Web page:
Editorial: Never forget, never repeat
The horror of Sept. 11, 2001, is beginning to recede into memory, shrinking in the rearview mirror of history with the passing of other terrorist attacks on U.S. soil — Fort Hood, the Boston Marathon, Orlando — and countless acts of jihadist bloodshed around the world.
Nothing has shattered our sense of security as much the crashing of two jets into Manhattan’s Twin Towers, mighty skyscrapers that burst into flames and, incredibly, collapsed to the ground. Another jet crashed into the Pentagon. A fourth went down in a Pennsylvania field, deflected from its Washington target by courageous passengers.
On Sept. 12, 2001, we awoke as a different nation — horrified, yet united by grief and determination.
Fifteen years later, we are a different nation again — divided and callous — and we live in a different world.
Nearly 3,000 people lost their lives in the 9/11 attacks. Our duty as survivors is to remember the souls killed by the planes’ evil trajectory, the brave men and women who ran to their rescue, and the devastated families they all left behind — and to be sure that our nation is not caught so vulnerable again.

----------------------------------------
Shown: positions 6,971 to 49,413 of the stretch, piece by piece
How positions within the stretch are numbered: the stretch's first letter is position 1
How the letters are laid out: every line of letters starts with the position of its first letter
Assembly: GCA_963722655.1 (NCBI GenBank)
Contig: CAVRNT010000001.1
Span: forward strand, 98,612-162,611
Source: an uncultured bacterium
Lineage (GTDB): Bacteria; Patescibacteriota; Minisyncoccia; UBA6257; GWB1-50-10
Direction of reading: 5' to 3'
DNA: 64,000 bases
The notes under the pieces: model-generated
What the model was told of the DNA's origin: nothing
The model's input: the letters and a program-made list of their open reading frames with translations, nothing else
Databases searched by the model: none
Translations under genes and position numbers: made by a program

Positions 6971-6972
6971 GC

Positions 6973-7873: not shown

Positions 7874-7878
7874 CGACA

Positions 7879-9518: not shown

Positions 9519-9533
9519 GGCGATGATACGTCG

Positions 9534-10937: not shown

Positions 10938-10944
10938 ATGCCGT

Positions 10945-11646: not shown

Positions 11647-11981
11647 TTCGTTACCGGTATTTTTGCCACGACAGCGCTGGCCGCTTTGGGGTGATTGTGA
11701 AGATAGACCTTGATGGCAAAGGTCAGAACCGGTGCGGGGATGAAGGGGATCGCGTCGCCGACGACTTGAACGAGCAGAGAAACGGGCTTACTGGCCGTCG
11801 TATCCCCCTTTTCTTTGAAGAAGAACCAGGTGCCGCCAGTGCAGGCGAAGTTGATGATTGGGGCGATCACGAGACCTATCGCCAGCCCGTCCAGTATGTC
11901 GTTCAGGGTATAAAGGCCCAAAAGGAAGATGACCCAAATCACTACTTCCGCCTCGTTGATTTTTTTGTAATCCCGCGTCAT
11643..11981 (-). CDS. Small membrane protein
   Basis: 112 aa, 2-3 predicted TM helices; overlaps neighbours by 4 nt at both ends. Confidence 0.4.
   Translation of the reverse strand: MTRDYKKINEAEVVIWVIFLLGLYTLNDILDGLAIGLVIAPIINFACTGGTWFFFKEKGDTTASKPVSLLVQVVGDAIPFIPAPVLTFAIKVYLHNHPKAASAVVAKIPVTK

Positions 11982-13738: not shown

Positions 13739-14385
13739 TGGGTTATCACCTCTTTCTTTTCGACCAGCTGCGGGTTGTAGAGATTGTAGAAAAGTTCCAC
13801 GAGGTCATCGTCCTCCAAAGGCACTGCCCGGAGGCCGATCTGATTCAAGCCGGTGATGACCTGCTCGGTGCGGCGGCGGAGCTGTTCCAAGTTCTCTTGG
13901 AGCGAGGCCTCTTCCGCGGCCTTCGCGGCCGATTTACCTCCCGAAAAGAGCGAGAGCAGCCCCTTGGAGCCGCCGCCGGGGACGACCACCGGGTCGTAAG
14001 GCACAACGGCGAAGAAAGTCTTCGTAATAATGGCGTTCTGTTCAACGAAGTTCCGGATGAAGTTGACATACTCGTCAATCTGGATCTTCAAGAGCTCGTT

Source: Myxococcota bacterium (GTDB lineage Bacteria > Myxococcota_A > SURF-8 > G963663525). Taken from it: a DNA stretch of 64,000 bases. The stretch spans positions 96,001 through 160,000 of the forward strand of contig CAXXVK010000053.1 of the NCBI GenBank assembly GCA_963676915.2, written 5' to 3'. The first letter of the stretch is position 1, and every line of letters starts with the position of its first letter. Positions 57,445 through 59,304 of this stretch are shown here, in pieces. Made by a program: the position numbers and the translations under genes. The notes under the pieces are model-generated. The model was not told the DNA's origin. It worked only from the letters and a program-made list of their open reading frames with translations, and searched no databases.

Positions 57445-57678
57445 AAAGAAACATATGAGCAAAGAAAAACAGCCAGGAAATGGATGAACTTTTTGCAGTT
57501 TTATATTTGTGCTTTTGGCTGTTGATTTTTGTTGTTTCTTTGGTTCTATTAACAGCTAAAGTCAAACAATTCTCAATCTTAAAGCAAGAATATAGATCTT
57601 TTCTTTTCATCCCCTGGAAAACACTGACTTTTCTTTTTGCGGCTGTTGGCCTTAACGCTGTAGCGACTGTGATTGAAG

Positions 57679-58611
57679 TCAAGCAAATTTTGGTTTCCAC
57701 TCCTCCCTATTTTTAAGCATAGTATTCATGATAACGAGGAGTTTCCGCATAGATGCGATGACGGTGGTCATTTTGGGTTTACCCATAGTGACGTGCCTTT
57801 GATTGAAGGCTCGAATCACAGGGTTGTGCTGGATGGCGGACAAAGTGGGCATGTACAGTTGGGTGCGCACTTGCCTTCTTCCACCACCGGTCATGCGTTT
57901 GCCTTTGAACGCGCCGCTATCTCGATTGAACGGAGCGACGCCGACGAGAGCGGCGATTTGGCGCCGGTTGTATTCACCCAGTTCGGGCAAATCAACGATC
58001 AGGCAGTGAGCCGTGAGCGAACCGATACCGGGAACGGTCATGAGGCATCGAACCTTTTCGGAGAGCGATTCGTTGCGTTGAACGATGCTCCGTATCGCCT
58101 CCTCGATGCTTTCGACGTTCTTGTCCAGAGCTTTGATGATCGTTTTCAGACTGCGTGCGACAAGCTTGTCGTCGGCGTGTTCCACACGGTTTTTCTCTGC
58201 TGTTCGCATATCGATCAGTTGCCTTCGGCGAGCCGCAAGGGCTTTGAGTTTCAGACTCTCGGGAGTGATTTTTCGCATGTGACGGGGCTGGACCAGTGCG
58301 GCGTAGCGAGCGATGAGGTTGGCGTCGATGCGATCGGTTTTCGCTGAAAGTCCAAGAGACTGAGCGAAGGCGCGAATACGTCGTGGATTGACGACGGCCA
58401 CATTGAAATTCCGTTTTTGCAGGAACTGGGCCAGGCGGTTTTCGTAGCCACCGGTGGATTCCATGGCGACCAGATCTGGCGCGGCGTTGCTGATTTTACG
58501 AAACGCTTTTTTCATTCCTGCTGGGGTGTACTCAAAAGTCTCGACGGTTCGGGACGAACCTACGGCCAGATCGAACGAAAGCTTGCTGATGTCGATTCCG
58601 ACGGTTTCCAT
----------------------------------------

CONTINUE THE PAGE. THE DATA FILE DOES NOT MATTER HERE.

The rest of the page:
More than $1 trillion has been spent on domestic counterterrorism efforts since that day. There’s no way to know how many attacks have been thwarted or discouraged by our ramped-up security, no way to tell which dollars were well-spent. We only know that vigilance must be constant.
There’s one more way to honor the fallen of 9/11 — by being honorable people ourselves and giving up the divisiveness that diminishes our great country. The United States is a strong, wealthy nation, still the envy of the world. We get carried away with internal squabbles, and are so focused on partisan power plays that Congress can’t even agree on funding to fight the Zika virus. The tenor of the presidential campaign is an international embarrassment.
This, too, will pass, but the losses of 9/11 are permanent. On a bright, sunny day 15 years ago, thousands of innocent people met an unthinkable end. In New York, Washington and Pennsylvania, they were attacked simply for being Americans. We must never forget the price they paid and never let those who hate our way of life prevail in their quest to end it.